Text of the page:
The unmistakeable sound of Second World War aircraft is due overhead above North Lewis this afternoon (Wednesday May 22nd) with at least three vintage planes heading this way from Iceland.
The 75th Anniversary of D Day on June 6th this year is bringing a collection of vintage Douglas C47s to Prestwick, on their way to commemorate the liberation of France in Normandy. They’re navigating from Reykjavik in Iceland, using the air traffic beacon at Bayble in Point, and there are currently three of the squadron airborne between Reykjavik and Scotland – ‘Miss Virginia’, squad leader ‘Placid Lassie’ (pictured above) and the famous ‘That’s All Brother’, pictured below (Photograph by Eric Pagelu)
Closest to the islands as of 1pm is ‘Miss Virginia’ and, although low cloud today makes it unlikely she’ll be visible from the ground, avid skywatchers are hoping for cloud-breaks at just the right moment for a glimpse and a picture.
The American-based D Day Squadron are part of the Tunison Foundation, a foundation which organises and supports living history events using airworthy historic craft. Fifteen aircraft will form the American contingent, with the lead aircraft the Placid Lassie, which was part of the original operation to drop 24,000 paratroopers into Normandy.
The fly-past during the D Day commemorations has been code-named ‘Daks over Normandy,’ since the same aircraft, when used by British and Commonwealth forces during the war, were known as Dakotas.
Placid Lassie leads a squadron including Betsy’s Biscuit Bomber, Miss Virginia and D-Day Doll. Some of the flight have been held back at their starting point in Goose Bay, Canada, because of weather conditions and there are some concerns about the originally-planned route via Greenland due to strong winds forecast in the Arctic region.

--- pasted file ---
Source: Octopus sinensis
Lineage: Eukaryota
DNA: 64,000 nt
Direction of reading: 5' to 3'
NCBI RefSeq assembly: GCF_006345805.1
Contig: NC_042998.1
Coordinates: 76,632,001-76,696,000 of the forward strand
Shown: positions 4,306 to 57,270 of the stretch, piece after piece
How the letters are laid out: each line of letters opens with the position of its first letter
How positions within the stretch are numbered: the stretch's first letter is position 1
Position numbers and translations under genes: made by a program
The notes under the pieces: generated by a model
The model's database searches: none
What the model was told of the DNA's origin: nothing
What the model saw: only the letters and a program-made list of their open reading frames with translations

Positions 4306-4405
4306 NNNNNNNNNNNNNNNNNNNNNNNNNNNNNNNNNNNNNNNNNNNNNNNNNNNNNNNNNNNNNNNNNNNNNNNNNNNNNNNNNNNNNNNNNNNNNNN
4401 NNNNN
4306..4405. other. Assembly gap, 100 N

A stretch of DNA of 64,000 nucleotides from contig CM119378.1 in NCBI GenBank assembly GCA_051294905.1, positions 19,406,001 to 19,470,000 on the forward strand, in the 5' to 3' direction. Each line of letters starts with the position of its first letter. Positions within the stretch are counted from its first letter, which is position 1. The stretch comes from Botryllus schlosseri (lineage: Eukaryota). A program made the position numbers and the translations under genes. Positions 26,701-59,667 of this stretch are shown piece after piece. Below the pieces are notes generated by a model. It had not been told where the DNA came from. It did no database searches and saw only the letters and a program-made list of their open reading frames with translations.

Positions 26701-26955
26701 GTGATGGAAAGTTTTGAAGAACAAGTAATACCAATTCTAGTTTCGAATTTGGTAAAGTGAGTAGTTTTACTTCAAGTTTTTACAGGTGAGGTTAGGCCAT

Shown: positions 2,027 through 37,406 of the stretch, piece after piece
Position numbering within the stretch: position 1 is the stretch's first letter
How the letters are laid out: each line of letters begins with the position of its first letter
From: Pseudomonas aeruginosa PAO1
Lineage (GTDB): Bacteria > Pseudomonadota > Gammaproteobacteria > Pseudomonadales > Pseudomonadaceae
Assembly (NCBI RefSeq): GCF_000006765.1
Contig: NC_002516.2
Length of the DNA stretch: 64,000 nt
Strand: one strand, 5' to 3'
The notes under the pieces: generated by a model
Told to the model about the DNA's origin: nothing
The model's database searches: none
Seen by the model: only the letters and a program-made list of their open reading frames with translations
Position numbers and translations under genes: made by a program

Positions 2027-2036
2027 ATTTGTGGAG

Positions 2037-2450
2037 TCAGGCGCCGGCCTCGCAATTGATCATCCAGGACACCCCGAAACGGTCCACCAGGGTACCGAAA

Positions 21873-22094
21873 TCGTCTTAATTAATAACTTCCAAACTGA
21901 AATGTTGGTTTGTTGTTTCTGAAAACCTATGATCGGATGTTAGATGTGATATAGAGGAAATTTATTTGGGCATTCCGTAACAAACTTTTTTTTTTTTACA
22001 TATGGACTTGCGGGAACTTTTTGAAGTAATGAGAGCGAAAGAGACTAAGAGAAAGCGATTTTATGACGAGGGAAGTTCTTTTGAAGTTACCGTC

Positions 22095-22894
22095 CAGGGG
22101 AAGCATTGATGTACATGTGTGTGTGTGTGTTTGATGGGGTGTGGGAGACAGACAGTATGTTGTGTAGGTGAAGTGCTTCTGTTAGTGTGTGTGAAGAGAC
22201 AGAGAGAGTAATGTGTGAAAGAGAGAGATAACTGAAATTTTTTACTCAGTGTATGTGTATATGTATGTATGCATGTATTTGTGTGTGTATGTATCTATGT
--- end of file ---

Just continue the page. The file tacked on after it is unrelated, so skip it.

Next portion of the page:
The staggered departure from Canada means more chances to see at least one of the planes, as individuals could be overhead at any time over the next two days. Stornoway is also a natural stopping point if fuel or technical issues affect the planes on their south-east route.
An aviation enthusiast from Stornoway told welovestornoway.com today: “Aircraft on the route from Reykjavik navigate using the beacon at Bayble as guidance. If there’s a southerly wind against them they are also likely to have fuel issues, and if that, or any technical issue, affects them, we are the first point of landfall after Iceland. We have a long runway and are in a direct line from Reykjavik, so there is a chance we may see one or more of the planes landing here for assistance.”
The squad’s due to gather at Prestwick on Friday and Saturday (May 24th and 25th), when they’ll participate in ‘Daks over Prestwick’ before heading to Duxford Airfield, north of London, to position themselves with the entire international C-47 fleet for the final leg to Normandy on June 6th.